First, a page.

Saturday, January 04, 2014

U.S. Supreme Court Enters Software Patent Wars: Are Computer Implementations of Abstract Ideas Patentable?

Should computer software be patentable?

Well, what do I know about software?

I am the sole author of a ca. 10 megabyte software adventure program called Infinity One: The Secret of the First Disc (version one), which was submitted to Microsoft in 1994 for a finding that it was Windows Compatible, which it was, resulting in a 1994 license agreement with Microsoft (May 27, 1994) for the use of the Microsoft Windows Compatible Logo on the product packaging.

Accordingly, I know something about software, having programmed that software from scratch, originally for Atari, and then converting it to Windows. I did it all as a beginner, without ever consulting anyone on programming "methods" or "algorithms", having written the program mainly to "learn how".

Did I violate any software patents? Who knows? and who cares!

Software programming is all just math and logical reasoning.

That is the software programming reality.

But it is certainly not the current "legal" reality relating to software and patents.

The U.S Supreme Court has now (December, 2013) put a software patent case on its docket by granting certiorari in Alice Corporation Pty. Ltd. v. CLS Bank International, CLS Bank Int'l v. Alice Corp. Pty. Ltd., 717 F.3d 1269, 106 U.S.P.Q.2d 1696, 2013 ILRC 1851 (Fed. Cir. 2013) [2013 BL 124940]

The writ of certiorari raises the following constitutional question:

Whether claims to computer-implemented inventions — including claims to systems and machines, processes, and items of manufacture — are directed to patent-eligible subject matter within the meaning of 35 U.S.C. § 101 as interpreted by this Court?"
The case is being appealed from a Federal Circuit Court of Appeals decision issued by a bevy of allegedly technically-trained judges (how many of them have ever written ANY software?), who in this case were able to reach a majority agreement only on the Per Curiam Judgment, i.e. "the result", but not on the underlying legal standards applicable to software patents.

The case involves the question of a computer implementation of a method for exchanging financial instruments, which an initial panel of judges of the Federal Circuit found patentable, but which the Federal Circuit sitting en banc found unpatentable, finding the method to be merely the computer implementation of "an abstract idea".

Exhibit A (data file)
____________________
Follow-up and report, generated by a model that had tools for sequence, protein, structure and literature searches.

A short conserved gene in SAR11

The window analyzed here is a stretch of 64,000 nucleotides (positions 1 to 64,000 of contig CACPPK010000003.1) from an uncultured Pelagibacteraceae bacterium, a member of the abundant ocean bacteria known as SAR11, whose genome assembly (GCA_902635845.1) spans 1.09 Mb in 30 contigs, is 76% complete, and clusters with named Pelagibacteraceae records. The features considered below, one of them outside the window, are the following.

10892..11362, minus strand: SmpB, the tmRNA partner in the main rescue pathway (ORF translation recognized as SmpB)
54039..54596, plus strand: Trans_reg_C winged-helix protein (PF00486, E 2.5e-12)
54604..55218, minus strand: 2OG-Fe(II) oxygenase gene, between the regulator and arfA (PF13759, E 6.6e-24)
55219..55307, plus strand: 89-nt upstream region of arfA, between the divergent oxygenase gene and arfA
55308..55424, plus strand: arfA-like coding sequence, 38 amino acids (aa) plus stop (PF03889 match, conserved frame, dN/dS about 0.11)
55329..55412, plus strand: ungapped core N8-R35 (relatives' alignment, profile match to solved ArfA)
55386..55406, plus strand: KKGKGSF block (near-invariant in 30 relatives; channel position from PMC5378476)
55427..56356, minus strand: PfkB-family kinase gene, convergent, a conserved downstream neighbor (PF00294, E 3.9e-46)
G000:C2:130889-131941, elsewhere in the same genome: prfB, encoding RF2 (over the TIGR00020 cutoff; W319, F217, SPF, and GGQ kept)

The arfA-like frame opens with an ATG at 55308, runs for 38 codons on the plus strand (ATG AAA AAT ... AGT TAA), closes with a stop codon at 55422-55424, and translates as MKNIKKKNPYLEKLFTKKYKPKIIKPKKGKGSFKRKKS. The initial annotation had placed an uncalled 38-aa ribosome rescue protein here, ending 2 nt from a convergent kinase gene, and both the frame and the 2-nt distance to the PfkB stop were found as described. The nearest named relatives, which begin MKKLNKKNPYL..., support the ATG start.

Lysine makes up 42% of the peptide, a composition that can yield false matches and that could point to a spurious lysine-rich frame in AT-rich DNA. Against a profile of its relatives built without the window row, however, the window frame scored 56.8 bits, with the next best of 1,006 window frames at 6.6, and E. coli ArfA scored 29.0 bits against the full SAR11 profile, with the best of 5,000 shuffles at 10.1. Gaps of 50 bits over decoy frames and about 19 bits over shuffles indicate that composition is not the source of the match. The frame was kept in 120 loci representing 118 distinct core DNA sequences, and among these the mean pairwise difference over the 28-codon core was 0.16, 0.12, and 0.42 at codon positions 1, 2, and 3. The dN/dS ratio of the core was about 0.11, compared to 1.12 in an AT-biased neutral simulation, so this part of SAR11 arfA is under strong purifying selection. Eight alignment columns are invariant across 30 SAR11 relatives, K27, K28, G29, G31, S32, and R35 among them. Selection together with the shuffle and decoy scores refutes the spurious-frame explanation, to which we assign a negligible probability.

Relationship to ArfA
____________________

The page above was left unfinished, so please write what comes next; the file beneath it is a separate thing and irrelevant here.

The patent system has been broken for years, and up to now the Supremes have been content to issue patchwork decisions that leave many of the major questions raised by software patents up in the air.

Whether the Justices of this particular U.S. Supreme Court can do any better in coming up with a sensible standard in this case is questionable.

We therefore reiterate our stand on this issue -- a position that we think is the only sane patent standard possible to avoid the kind of chaos in which patent law currently finds itself.

If it is deemed that software can be patented (frankly, we would not permit it), then only a specific complete software program should be able to obtain a patent, NOTHING MORE.

A good example here would be a software program that does your taxes.

If you were to write a program called John's Tax Program, there is really no reason not to issue a patent for THAT program in its entirety as a particular solution or "invention", including as it does not only the actual software programming, but also the design of the user interface, etc.  i.e. no one should be able to duplicate that software program exactly and sell it under that or another name. YOUR product should be protected. OK. No problem.

But if another person writes something similar called William's Tax Program, it should not be possible for John to keep William from patenting or selling his alternative tax calculation program, even though they both might use the same method or methods for tax calculation, because such software methods are mathematical by nature. They involve NO REAL INVENTION, but merely apply mathematical principles to implement abstract ideas that prevail throughout the legal, business, financial and accounting world.